The Department of Justice would like for all to believe that its plea agreements represent acknowledgment of the legitimacy of its enforcement theories including as to “foreign official.” A prior guest post (here) referred to this dynamic as prosecutorial common law. As to “foreign official,” in the Carson briefing (see here at pg. 46) the DOJ stated the following – because DOJ has secured approximately 35 guilty pleas from individuals who admitted to bribing officials at SOEs “it is thus ‘plain as a pikestaff’ that the FCPA prohibits paying bribes to officials who work at SOEs.” You can subscribe to that position if you choose or realize that testing one’s innocence comes at a high cost in our system. (See here for the prior post).
The conclusion is yours to draw, the facts are as follows.
In April 2009, David Edmonds was criminally charged, along with other defendants who were also former employees of Control Components Inc. (CCI), in a criminal indictment (here) for engaging in “a conspiracy to secure contracts by paying bribes to officials of foreign state-owned companies as well as officers and employees of foreign and domestic private companies.”
As to Edmonds (the Vice-President of Worldwide Customer Service at CCI), the indictment alleged as follows. “From in or around 2003 through in or around 2007, defendant Edmonds caused [CCI’s] employees and agents to make corrupt payments totaling approximately $430,000 to officers and employees of state-owned companies, and corrupt payments totaling approximately $220,000 to officers and employees of private companies.” “[CCI’s] state-owned customers included, but were not limited to, Jiangsu Nuclear Power Corporation (“JNPC”) (China), Guohua Electric Power (China), China Petroleum Materials and Equipment Corporation (“CPMEC”), PetroChina, Dongfang Electric Corporation (China), China National Offshore Oil Corporation (“CNOOC”), Korea Hydro and Nuclear Power (“KHNP”), Petronas (Malaysia), and National Petroleum Construction Company (“NPCC”) (United Arab Emirates). Each of these state-owned entities was a department, agency, and instrumentality of a foreign government, within the meaning of the FCPA. The officers and employees of these entities, including the Vice-Presidents, Engineering Managers, General Managers, Procurement Managers, and Purchasing Officers, were “foreign officials” within the meaning of the FCPA.”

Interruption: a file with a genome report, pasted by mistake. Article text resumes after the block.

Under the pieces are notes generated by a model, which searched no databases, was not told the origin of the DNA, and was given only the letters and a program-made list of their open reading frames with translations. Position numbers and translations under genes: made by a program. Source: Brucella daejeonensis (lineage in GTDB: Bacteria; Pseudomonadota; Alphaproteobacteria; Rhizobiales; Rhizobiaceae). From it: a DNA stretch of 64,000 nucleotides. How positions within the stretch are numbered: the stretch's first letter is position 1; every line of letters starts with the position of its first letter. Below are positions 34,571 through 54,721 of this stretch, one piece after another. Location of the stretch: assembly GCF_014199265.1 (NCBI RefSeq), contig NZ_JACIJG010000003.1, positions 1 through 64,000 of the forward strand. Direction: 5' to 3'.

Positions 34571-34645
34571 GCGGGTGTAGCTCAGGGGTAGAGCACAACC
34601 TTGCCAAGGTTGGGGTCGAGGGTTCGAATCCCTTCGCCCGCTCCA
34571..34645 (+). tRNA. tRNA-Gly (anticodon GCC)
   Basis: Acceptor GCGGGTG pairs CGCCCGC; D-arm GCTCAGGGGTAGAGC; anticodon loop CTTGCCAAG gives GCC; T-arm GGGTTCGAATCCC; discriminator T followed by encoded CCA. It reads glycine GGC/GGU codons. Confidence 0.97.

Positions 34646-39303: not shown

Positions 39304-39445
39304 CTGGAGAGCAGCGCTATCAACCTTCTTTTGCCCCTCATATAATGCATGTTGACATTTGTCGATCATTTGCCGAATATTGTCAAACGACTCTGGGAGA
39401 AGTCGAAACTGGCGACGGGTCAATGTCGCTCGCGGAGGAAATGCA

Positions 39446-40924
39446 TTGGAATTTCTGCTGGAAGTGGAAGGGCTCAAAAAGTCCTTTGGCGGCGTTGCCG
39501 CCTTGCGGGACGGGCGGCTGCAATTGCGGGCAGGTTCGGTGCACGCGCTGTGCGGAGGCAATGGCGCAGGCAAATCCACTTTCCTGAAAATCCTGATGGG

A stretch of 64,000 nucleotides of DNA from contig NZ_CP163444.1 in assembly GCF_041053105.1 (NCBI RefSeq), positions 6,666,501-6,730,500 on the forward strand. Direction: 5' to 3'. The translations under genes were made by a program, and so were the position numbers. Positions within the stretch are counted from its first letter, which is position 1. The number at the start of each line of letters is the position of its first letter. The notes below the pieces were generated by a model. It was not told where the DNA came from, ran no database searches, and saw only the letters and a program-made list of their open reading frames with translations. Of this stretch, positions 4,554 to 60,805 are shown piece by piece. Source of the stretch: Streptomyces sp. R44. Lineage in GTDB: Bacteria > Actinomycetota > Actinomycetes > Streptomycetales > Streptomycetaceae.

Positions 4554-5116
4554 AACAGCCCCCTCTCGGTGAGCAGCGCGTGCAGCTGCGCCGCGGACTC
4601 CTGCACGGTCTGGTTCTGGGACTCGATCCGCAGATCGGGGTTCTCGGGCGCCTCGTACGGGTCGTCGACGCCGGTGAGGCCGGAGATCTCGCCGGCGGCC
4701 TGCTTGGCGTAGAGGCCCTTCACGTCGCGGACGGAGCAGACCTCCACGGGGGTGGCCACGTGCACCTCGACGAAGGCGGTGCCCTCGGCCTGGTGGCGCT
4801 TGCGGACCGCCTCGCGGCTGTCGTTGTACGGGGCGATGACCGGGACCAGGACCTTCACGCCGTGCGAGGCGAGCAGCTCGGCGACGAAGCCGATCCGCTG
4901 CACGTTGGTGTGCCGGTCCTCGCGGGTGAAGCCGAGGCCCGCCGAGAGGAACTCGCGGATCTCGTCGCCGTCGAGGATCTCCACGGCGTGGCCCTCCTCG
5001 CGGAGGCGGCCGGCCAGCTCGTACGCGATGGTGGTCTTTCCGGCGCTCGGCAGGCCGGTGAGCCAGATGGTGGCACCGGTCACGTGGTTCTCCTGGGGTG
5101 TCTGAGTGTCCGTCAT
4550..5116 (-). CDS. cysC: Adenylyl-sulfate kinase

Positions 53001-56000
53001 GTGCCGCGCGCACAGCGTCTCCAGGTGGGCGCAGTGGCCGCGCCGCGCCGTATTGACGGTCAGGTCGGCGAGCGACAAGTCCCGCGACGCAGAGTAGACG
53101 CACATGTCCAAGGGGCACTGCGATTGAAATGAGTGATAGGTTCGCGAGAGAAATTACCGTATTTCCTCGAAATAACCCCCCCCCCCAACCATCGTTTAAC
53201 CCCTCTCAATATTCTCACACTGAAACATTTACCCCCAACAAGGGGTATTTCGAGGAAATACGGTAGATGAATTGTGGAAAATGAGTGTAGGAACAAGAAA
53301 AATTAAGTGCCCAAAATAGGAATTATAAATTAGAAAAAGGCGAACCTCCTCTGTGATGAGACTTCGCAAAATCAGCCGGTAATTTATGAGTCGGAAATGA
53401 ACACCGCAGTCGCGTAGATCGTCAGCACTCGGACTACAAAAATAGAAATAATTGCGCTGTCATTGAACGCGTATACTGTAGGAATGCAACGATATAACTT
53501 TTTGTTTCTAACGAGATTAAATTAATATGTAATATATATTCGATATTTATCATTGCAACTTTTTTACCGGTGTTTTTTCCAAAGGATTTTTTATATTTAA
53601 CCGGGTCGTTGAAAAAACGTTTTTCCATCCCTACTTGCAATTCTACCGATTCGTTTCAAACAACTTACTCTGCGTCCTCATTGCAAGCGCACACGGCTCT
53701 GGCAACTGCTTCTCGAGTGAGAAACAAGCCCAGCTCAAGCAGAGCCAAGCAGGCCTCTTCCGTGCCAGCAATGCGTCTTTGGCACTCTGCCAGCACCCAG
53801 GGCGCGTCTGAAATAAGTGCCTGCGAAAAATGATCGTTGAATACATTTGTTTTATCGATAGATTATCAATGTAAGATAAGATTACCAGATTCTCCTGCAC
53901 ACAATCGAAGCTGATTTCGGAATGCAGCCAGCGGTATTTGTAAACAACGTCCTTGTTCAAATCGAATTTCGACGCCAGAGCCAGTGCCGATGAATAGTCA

As noted in the DOJ release (here), Edmonds was charged with one count of conspiracy to violate the FCPA and the Travel Act, three counts of violating the FCPA and two counts of violating the Travel Act.
Shortly thereafter, CCI resolved an FCPA enforcement action based on the same core set of conduct alleged in the above indictment. (See here for the prior post). I noted then, as I had since launching this website in July 2009, that the DOJ’s position that employees of state-owned companies, regardless of position, are “foreign officials” under the FCPA is an unchallenged and untested legal theory – and one I believe is ripe for challenge.
In February 2011 (as noted in this prior post), for the first time in FCPA history, a federal court judge, with the benefit of a detailed and complete overview of the FCPA’s extensive legislative history on the “foreign official” element, was asked to rule on the DOJ’s interpretation that employees of alleged state-owned or state-controlled enterprises are “foreign officials” under the FCPA. My declaration on the FCPA’s legislative history relevant to “foreign official” (here) was used in the “foreign official” motion to dismiss.
In May 2011 (as noted in this prior post), Judge James Selna denied the “foreign official” motion to dismiss and concluded that “the question of whether state-owned companies qualify as instrumentalities under the FCPA is a question of fact.” The “foreign official” issue thus moved to the jury instructions (as noted in this prior post).
In February 2012 (as noted in this prior post), Judge Selna issued certain jury instructions. Not surprisingly, Judge Selna carried forward his previous “instrumentality” analysis into the “instrumentality” jury instruction. Yet, in a significant development in terms of the future of the case, Judge Selna issued an instruction titled “knowledge of status of foreign official.” In pertinent part, the instruction stated as follows.